4515 Willard Ave. #2210
Chevy Chase, MD 20815
eniko.basa at verizon dot net
Fri, 30 Sep 2016 09:57:42 EDT by webmaster, 11438 views
Hungarian Academy of Sciences, Institute of Sociology, Centre for Social Sciences, and Vienna Wiesenthal Institute
Invited paper by Kovács, Éva (all papers)
The Politics of Memory in the Long Twentieth Century: The Hungarian Case in a European Comparative Perspective
Over the last hundred and fifty years, Hungarian memory politics has oscillated between the poles of martyrdom and victimhood, between cultivation of revolutionary traditions and the rituals of national mourning. As part of the nation-building process, national historiography and the politics of history everywhere often provide well-developed narrations to justify current commemoration practices. Is Hungary unique in this respect? Did it lose its European orientation, as the great Hungarian poet Endre Ady asked in 1913? Through an analysis of current debates about the major events of twentieth-century Hungarian history and its representations in social memory, my talk will describe this pendulum effect of Hungarian memory politics. It will also explore the transformation of the “culture of defeat” into the culture of victimhood from the First World War to the post-Communist period in a European comparative perspective.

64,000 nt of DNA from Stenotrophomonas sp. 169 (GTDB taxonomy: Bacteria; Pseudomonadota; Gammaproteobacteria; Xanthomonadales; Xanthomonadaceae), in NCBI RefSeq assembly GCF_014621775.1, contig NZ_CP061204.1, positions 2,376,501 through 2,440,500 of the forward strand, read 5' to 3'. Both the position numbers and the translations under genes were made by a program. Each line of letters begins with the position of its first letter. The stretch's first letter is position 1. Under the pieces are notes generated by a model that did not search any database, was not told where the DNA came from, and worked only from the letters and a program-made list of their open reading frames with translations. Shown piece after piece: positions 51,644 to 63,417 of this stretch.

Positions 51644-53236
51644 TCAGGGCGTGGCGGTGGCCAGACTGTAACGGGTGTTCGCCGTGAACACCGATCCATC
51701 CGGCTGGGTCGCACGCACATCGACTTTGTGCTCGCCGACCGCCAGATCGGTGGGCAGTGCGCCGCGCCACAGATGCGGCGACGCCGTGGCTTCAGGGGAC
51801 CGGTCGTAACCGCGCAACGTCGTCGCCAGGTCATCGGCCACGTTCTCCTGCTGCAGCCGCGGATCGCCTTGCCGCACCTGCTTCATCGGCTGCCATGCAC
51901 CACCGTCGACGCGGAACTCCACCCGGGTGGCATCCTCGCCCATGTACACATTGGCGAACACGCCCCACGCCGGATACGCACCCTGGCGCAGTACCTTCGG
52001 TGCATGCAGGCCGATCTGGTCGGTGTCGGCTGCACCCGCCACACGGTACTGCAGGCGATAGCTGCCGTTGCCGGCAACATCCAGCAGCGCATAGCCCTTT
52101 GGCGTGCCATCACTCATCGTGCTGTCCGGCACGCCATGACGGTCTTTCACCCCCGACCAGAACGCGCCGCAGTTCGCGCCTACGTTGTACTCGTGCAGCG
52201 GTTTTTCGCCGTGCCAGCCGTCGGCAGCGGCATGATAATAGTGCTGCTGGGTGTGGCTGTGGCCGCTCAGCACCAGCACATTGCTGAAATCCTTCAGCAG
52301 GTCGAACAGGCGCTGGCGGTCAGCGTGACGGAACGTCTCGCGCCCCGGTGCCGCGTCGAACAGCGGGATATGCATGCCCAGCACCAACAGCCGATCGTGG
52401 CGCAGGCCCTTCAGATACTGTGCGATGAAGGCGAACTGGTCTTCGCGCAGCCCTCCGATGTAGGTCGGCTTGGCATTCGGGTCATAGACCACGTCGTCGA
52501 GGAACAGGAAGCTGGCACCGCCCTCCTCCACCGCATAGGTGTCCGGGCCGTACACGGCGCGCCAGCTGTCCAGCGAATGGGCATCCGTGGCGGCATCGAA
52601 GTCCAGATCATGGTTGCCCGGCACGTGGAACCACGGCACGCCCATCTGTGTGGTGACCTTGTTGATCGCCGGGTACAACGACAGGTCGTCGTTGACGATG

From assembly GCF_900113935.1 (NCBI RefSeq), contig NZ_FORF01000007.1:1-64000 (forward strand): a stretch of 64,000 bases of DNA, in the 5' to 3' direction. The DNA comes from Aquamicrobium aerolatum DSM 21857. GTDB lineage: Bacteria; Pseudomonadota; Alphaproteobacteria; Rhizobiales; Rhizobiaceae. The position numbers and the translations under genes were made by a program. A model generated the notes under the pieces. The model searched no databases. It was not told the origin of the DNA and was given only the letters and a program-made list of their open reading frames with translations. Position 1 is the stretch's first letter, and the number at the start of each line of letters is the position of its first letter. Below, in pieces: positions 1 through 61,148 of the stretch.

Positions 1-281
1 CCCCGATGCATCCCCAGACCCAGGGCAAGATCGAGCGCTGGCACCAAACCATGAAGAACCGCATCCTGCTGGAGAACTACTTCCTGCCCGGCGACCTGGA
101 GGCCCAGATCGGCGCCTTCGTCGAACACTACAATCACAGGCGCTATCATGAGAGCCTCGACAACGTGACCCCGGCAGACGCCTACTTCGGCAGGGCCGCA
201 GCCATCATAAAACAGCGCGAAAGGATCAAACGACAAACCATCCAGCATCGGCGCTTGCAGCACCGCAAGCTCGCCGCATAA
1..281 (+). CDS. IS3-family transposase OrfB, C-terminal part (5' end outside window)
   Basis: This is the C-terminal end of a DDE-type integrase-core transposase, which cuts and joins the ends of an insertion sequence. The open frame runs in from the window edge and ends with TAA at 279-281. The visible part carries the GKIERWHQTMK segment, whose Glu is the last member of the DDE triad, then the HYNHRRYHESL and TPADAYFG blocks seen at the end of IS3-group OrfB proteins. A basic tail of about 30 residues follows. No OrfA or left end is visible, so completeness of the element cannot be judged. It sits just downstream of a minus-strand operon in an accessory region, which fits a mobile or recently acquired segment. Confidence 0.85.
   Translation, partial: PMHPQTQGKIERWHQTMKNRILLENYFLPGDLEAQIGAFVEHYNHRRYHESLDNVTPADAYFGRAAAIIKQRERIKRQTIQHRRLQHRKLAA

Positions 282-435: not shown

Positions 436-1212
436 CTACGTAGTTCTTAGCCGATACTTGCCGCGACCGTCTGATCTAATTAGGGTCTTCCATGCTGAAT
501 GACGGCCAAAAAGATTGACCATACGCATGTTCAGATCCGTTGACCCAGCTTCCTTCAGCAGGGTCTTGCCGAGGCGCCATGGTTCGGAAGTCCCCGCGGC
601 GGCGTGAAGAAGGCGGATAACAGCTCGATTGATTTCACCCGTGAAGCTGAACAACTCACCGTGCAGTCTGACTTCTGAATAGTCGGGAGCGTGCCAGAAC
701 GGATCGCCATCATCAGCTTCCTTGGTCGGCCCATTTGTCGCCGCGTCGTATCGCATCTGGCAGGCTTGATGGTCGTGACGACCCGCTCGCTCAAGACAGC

Brief Professional Bio:
Éva Kovács is Prof. of Sociology, Academic Programme Director of the Vienna Wiesenthal Institute of Holocaust Studies and Head of Department of Methodology and History of Sociology at the Institute of Sociology at the Hungarian Academy of Sciences. She studied sociology and economics at the Universities of Economics in Pécs and Budapest (Ph.D. 1994, Habilitation 2009). Her research fields include the history of the Holocaust in Eastern Europe, research on memory and remembrance, and Jewish identity in Hungary and Slovakia. She authored five monographs, edited eight volumes and published numerous articles in peer-reviewed journals. She is the founder of the audio-visual archive "Voices of the Twentieth Century."